How much trouble is Afterpay really in?
Some of these problems are, of course, the risks of being a pioneer. While the concept of “Laybuy” has existed in some form or another for hundreds of years, Afterpay was one of the first companies to formalise the concept as a tech business preying on the spending habits of Gen Y, and that’s going to come with some growing pains.
The twin challenges now facing Afterpay are its ability to storm the US market, and regulation.
The US is shaping up to be a serious landgrab for buy now, pay later (BNPL) services, but at this point Afterpay knows the playbook, and it’s not unreasonable to expect they’ll do well. Afterpay has also been much more successful in terms of brand recognition than other BNPL services, and one could argue that the company has built up a sustainable competitive advantage – but credit card use is incentivised in the US, and it’s difficult to determine to what degree consumers will embrace the newcomer service.
Part of the challenge in this area is the nature of the competition they face. Credit providers like Visa have caught on to the novel idea of launching their own BNPL products. Similar to how Netflix was only able to disrupt cable until cable embraced streaming, Afterpay is going to find itself competing in a crowded field – one where its service might be substantially less attractive. But there’s nothing to suggest that consumers will opt for the Visa product over one they’re already familiar with.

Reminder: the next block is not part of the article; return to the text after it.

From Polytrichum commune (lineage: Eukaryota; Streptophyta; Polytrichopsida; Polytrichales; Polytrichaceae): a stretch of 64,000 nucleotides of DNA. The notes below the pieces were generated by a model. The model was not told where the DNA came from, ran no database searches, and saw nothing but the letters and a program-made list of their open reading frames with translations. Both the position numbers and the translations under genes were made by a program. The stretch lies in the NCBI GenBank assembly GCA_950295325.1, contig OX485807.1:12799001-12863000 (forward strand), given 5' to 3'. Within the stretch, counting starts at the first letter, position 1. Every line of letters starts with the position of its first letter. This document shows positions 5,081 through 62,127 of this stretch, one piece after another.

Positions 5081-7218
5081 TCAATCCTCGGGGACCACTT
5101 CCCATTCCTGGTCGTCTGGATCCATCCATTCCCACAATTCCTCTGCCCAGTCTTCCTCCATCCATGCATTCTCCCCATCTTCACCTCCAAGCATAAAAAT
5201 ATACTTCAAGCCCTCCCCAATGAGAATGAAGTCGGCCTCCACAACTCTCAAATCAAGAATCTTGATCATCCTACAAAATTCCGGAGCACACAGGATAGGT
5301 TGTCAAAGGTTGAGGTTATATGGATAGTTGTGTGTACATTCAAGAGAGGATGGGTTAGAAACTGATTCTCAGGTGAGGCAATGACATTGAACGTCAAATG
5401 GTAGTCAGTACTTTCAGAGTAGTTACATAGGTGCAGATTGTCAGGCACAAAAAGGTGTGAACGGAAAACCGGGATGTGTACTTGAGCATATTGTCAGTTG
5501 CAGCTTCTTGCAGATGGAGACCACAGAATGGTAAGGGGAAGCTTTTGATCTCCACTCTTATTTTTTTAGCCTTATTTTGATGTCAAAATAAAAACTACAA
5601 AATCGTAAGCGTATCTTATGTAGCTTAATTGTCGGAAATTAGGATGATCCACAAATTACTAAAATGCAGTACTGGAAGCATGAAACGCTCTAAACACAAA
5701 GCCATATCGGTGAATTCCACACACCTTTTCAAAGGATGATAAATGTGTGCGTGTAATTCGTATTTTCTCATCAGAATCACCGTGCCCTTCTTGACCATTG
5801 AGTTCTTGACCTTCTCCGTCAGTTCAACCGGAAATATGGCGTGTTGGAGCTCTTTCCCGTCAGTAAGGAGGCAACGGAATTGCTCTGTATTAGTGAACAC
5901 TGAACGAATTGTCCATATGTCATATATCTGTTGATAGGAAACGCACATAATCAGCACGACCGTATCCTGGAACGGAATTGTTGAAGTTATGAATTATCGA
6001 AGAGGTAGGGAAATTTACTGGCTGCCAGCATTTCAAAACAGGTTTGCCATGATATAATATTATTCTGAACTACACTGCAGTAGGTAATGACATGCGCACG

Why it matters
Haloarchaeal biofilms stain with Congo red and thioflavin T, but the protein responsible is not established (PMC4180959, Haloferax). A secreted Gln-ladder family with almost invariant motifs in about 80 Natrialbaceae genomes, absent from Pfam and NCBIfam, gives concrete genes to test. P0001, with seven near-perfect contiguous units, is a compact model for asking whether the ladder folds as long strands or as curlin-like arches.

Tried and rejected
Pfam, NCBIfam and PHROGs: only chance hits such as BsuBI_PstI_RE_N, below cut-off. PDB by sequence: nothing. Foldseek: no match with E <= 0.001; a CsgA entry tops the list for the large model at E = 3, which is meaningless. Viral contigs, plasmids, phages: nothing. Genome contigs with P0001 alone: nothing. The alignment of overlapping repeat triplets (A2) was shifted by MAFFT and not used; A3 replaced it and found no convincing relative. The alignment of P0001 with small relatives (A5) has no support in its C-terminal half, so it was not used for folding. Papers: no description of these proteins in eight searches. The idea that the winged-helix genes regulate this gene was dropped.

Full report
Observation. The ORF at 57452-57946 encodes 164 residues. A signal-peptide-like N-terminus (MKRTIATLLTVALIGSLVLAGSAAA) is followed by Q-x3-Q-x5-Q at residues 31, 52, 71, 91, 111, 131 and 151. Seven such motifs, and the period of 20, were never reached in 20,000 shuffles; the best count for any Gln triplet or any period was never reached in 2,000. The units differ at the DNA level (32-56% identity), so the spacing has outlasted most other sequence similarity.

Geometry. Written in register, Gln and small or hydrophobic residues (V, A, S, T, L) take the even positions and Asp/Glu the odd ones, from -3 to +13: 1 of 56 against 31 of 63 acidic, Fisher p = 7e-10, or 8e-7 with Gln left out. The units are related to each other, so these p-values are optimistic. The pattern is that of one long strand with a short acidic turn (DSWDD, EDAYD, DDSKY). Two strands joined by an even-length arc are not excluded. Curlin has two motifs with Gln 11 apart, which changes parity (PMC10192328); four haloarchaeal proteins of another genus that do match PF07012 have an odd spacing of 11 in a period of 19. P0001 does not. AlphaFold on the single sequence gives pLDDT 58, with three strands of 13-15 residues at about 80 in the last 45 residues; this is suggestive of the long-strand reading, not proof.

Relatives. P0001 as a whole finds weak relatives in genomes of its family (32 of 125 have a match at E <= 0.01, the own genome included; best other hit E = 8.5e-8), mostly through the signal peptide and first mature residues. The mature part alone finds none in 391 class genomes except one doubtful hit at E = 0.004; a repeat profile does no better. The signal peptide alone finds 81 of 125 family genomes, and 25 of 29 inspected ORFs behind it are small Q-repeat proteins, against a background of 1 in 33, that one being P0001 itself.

The other challenge is regulation, and that might prove tougher for Afterpay. The RBA has announced they’ll be reviewing their card payments regulation in 2020, with BNPL services part of that review. Afterpay has succeeded in part because they can do what the issuers of credit cards can’t – prevent merchants from passing on the surcharge to customers. So what happens to Afterpay when they have a level playing field?
There are definitely subsets of Afterpay customers that surcharges won’t impact, but the people who use it as a cash flow management tool – instead of, say, a credit card – might be less likely to. Hidden costs are always a deterrent.
While it’s impossible to quantify exactly what impact regulation will have, it’s fair to say it’ll have an impact. But that’s still a long way off – and might not even come at all. Stranger things have happened.
Until then, Afterpay will continue to be the ASX’s golden problem child.